Hong Kong’s West Kowloon arts hub can be the global champion of Cantonese opera
Bell Yung says the Xiqu Centre has the potential to be the place to experience the best in Chinese performing arts, especially if it features its own resident Cantonese opera company
The greatest cities in the world earn their reputation from, among other attractions, renowned performing arts. These include not only popular entertainment with mass appeal, such as New York’s Broadway and London’s West End, but also such upscale art forms as symphonies, ballets and operas, which imbue these cities with sophistication and refinement.
New York has the Metropolitan Opera at its home in the Lincoln Centre; London has the Royal Opera at its home in Covent Garden; the Vienna Philharmonic has its Golden Hall at the Musikverein; and the Paris Opera has its home in the Opera Bastille. These venues and their resident groups have a symbiotic relationship: the artists enjoy specially designed stages, and the venues rely on top-notch artists to give them sparkle.
At the end of the day, the cities become known as a Mecca for the best of the performing arts, with venues and performances to serve its citizenry and attract sophisticated world travellers.
As the West Kowloon Cultural District slowly materialises, we who love the city have high hopes that its performing venues will become the Lincoln Centre of the East. Far-fetched as this may sound, the vision will guide us towards a higher ideal for the city, however many years or decades it may take to reach the goal. The first step, however, is to have a vision, and if the many factions of society collaborate, the dream will come true.
Watch: A preview of the Xiqu Centre
Among West Kowloon’s venues, the uniquely designed Xiqu Centre – named after the Chinese term for traditional opera – has the potential to be the place in the world to experience the best of Chinese performing arts, just as the Lincoln Centre features the best of Western opera.
The Xiqu Centre could make Chinese opera reach a global audience; but the Xiqu Centre as a venue also needs a resident opera company to build its own brand. Nothing could be more appropriate than a group showcasing Hong Kong’s – and China’s – Cantonese opera.
The Xiqu Centre, which is expected to open in 2018, should not be a mere physical structure that any performing group can book and fill in order to balance the centre’s financial accounts or even to make a profit. Rather, by building its own resident opera company and staging regular performances for a good portion of every year, with the rest devoted to China’s other operas, it could match the prestigious venues in other great cities that are homes to the Paris Opera, the Royal Opera and the Metropolitan Opera.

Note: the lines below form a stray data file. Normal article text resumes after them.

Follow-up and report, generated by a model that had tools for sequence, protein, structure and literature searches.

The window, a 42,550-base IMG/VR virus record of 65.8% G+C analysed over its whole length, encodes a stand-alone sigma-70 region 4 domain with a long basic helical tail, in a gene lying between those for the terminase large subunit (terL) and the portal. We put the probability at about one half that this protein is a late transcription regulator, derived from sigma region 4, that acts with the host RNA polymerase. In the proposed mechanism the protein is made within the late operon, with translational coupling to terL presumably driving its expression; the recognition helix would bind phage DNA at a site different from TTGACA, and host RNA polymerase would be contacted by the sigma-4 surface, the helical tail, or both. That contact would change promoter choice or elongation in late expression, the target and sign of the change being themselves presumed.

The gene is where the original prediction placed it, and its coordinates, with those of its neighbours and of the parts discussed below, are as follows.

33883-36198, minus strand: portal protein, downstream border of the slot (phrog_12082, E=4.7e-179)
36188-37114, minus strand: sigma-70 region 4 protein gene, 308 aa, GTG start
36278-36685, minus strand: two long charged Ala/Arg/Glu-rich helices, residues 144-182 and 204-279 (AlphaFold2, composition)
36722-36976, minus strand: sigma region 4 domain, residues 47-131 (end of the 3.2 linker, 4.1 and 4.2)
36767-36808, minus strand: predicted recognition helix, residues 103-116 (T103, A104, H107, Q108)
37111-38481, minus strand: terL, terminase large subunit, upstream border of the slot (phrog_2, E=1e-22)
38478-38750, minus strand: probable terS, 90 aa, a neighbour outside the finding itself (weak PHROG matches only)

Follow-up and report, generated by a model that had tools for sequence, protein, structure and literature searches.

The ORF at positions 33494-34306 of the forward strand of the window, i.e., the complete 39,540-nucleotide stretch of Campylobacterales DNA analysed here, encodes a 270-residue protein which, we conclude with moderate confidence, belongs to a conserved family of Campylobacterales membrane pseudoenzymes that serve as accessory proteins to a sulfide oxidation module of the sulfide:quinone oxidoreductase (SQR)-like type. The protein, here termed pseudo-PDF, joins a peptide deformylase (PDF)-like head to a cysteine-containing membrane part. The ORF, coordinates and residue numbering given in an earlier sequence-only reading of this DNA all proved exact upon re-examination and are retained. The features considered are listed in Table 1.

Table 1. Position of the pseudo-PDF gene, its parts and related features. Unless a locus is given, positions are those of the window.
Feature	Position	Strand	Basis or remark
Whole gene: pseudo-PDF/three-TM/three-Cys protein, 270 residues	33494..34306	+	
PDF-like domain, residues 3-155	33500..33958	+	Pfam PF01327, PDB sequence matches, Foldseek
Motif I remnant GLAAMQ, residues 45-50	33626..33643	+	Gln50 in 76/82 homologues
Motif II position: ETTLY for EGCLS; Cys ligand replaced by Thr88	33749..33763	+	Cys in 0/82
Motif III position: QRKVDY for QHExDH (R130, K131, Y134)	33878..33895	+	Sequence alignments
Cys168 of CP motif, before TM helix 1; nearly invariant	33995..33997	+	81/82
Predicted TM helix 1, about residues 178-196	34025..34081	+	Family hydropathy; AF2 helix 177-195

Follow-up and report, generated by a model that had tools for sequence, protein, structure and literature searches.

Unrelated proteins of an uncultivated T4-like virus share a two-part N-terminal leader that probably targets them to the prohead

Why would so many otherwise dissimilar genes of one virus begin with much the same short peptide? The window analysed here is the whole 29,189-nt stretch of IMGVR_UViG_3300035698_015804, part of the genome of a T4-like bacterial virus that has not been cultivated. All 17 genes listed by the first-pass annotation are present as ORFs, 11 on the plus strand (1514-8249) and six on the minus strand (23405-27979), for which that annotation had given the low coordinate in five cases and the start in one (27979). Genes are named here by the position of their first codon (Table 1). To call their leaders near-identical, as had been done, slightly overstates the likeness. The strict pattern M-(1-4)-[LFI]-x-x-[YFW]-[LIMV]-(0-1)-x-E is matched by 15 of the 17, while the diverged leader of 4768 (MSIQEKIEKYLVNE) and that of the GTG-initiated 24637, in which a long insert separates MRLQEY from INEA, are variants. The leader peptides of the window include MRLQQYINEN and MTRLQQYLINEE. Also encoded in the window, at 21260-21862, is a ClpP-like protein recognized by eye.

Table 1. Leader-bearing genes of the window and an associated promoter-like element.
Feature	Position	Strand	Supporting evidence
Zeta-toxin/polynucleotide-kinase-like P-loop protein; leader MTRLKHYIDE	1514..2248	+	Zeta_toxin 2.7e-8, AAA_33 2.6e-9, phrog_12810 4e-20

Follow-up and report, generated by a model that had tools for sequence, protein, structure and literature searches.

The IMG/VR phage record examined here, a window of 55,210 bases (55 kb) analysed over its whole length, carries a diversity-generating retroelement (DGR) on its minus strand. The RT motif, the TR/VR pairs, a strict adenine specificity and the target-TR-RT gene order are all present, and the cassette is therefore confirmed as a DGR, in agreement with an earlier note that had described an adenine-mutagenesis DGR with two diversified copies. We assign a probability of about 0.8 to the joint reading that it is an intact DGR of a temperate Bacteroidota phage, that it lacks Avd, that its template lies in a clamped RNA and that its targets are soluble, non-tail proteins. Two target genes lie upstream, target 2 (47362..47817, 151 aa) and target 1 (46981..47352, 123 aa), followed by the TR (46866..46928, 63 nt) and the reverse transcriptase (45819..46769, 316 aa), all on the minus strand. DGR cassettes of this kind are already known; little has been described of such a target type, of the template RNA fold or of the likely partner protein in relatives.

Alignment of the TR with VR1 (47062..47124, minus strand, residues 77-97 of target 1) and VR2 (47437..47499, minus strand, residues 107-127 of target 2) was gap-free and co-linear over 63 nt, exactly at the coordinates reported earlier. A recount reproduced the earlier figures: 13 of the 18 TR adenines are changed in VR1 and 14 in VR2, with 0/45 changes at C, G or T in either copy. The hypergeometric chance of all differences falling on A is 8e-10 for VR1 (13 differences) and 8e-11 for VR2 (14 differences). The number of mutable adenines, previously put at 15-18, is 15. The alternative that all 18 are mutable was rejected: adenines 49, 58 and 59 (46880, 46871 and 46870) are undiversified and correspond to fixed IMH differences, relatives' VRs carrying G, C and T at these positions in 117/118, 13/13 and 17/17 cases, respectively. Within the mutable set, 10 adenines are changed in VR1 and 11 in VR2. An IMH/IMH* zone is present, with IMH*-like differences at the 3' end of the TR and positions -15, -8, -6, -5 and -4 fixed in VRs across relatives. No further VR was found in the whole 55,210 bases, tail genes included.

Hong Kong traditional opera troupes welcome ‘One Belt, One Road’ showcase initiative – but only if performed in Cantonese
Cantonese opera, the theatre of southern China and Hong Kong’s own, has its distinctive linguistic and musical characteristics, yet it shares many artistic conventions with China’s other regional operas. As a counterpart to the Peking opera of the North, Cantonese opera is a proud cultural treasure not only of Hong Kong but of China as a whole. It is local and national – and has the potential to become international.
Cantonese opera is beloved by many Hongkongers; it is high time for the city’s political and financial leaders to also cultivate its artistic – and, even more importantly, symbolic – value.
Watch: Children keep Cantonese opera alive in Hong Kong
These leaders can play a central and active role in protecting the opera’s heritage, nurturing its development, and promoting its visibility nationwide and worldwide, as well as in educating international visitors about Hong Kong and China. With well-prepared programme booklets, supertitles during performance, and pre-performance introductory talks, the Xiqu Centre with its resident troupe has the potential to become a must-see destination for visitors, just as a concert at the Lincoln Centre is to tourists in New York.
Hong Kong’s fame as a glittering cityscape, as the world’s financial and business hub, and as a food and shopping heaven, will continue. But the “Pearl of the Orient” and “Asia’s world city” has a pearl of its own that’s waiting to shine. Hong Kong’s superb performing arts can help the city become a worthy peer of the world’s other great cities of art and culture.
Bell Yung is professor emeritus of music at the University of Pittsburgh